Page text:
Many of the Trump supporters are the collateral damage of the higher cause of globalization in the underclasses particularly in Pennsylvania, Wisconsin, Michigan and Ohio — once the proud industrial heartland of America. These are people who had been left behind by the revolutions in technology and globalization, the impact of resultant devastation much underappreciated from the privileged enclaves of the elites in Washington and New York. Donald Trump’s supporters are the dispossessed who yearn for a champion who will take strong measures to set things to rights. And dismantle a rigged system that they see as having been captured by effete elites. In many ways his rise is comparable to the military coups welcomed by the people in less democratic systems

The half of U.S. citizens who voted Trump are not unduly concerned by his racist, sexist and Islamophobic discourse or the critiques of those who point out the exaggerations and deceptive inaccuracies expounded by Mr. Trump. The bottom line is that social values transformation in the US rural areas has not kept pace with urban America.

I am old enough to remember the 1960s and 1970s when pervasive discrimination and racism was mainstream social realities.  

It was accepted as simply a function of the natural order that women would be subject to systemic discrimination that severely constrained their life options. 

Homosexuality was both taboo and illegal under the laws of Canada. 

Society had a hierarchy of white protestants at the top 
followed by Catholics 
followed by Jews 
followed by Chinese and Indians 
followed by blacks of all origins at the bottom. 

Bear in mind that it was only in 1947 that Canadians of Chinese origin were extended the right to vote in Canadian elections. 

Jokes based on denigration of women or homosexuals or  persons of colour was considered a high form of white male entertainment.

There was a popular American socially progressive TV program of the 1970s, "All in the Family " that satirized the values of the generation of blue collar workers that had grown up in the U.S. in the1930s. The theme song of this show was entitled "Those Were the Days. " Part of that song went:

“And you knew who you were then, 
Girls were girls and men were men, 
Mister we could use a man 
Like Herbert Hoover again. 

Didn't need no welfare state, 
Everybody pulled his weight. 
Guys like us we had it made, 
Those were the days”

So there is strong opposition among the Trump supporters to Obamacare as it is considered the road to more intrusions of the state into a free society.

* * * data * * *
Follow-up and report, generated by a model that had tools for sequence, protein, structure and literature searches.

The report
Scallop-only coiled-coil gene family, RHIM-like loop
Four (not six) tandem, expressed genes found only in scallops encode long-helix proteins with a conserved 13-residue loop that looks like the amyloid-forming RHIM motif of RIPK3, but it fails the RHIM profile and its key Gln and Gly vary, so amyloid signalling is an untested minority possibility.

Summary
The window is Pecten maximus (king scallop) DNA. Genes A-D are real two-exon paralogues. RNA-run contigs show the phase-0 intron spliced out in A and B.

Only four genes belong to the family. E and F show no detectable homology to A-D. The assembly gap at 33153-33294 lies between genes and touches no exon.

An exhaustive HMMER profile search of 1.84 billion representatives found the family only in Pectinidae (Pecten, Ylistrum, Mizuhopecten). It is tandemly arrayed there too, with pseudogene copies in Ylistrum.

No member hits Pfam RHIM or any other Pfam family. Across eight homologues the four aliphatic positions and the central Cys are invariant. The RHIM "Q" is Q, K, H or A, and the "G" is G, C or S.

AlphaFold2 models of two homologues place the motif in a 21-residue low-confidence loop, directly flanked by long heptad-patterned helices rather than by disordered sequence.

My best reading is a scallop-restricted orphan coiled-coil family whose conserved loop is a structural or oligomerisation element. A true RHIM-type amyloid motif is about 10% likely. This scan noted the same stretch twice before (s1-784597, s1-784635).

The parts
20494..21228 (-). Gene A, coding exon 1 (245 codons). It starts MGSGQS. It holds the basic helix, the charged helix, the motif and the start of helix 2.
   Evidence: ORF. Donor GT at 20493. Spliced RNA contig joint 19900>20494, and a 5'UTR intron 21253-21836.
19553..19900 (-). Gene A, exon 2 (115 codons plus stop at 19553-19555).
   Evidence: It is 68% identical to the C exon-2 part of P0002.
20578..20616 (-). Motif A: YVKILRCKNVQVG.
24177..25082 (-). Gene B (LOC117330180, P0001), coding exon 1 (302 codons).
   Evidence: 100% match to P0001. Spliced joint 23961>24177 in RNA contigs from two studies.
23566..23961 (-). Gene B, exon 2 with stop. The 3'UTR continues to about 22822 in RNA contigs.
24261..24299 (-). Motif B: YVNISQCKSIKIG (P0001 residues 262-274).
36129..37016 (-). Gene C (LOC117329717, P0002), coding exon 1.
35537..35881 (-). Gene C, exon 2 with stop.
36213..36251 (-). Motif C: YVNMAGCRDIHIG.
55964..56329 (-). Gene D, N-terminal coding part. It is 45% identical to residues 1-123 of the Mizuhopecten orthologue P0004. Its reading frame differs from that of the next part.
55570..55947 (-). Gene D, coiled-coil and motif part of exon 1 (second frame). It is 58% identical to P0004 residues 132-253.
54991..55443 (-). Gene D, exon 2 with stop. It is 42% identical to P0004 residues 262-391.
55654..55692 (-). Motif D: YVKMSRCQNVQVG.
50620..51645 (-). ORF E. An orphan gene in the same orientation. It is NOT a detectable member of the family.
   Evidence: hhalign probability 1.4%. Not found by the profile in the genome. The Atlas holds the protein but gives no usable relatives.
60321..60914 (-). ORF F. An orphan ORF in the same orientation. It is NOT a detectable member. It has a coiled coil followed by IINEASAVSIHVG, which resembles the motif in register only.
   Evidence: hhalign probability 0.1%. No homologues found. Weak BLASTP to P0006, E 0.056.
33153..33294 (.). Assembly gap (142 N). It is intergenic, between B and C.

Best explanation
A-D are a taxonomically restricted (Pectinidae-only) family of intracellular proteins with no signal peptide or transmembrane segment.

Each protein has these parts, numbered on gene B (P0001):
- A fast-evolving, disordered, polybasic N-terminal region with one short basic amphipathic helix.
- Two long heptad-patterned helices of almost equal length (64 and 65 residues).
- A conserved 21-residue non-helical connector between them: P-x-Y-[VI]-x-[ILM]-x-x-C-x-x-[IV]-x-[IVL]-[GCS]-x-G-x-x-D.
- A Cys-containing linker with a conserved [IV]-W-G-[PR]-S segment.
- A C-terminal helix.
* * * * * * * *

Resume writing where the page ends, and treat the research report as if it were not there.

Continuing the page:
But, more significantly, as Carol Anderson, a historian at Atlanta’s Emory University, put in her interview with Doug Saunders published in the Globe and Mail on Saturday: 
“You know, if you’ve always been privileged, equality begins to look like oppression. That’s part of what you’re seeing in terms of the [white] pessimism, particularly when the system gets defined as a zero-sum game – that you can only gain at somebody else’s loss.”

It is serious: Hilary Clinton only got 51% of college educated white women

The strong support in the U.S. for illiberal populist politics is not resolved by mobilizing all those who would vote against Trump to come out and fill out a ballot the next time. The sole route to resolution of this rising political force in America and throughout the Western world is to address the causes for the severe discontent of those who are so alienated from liberal values of social justice and tolerance of difference.

International impact
Once Mr. Trump assumes the presidency he will likely receive new information and advice that will lead President Trump to modify some of the positions that he espoused in the course of the election campaign and even abandon some of his more intemperate proposals. And who he chooses for key positions in US foreign policy leadership positions will have a strong impact

But it is fair to say that Trump will not support ratification of the Trans-Pacific Partnership

The U.S. will abandon commitment to measures to mitigate climate change. 

And tariffs will be imposed on imports from China, Mexico, Canada.

An isolationist America will likely lead to China being able to bring South Korea, Taiwan and the Southeast Asian nations into its geopolitical orbit.

It is all bad news for the prospects of democracy and human rights globally.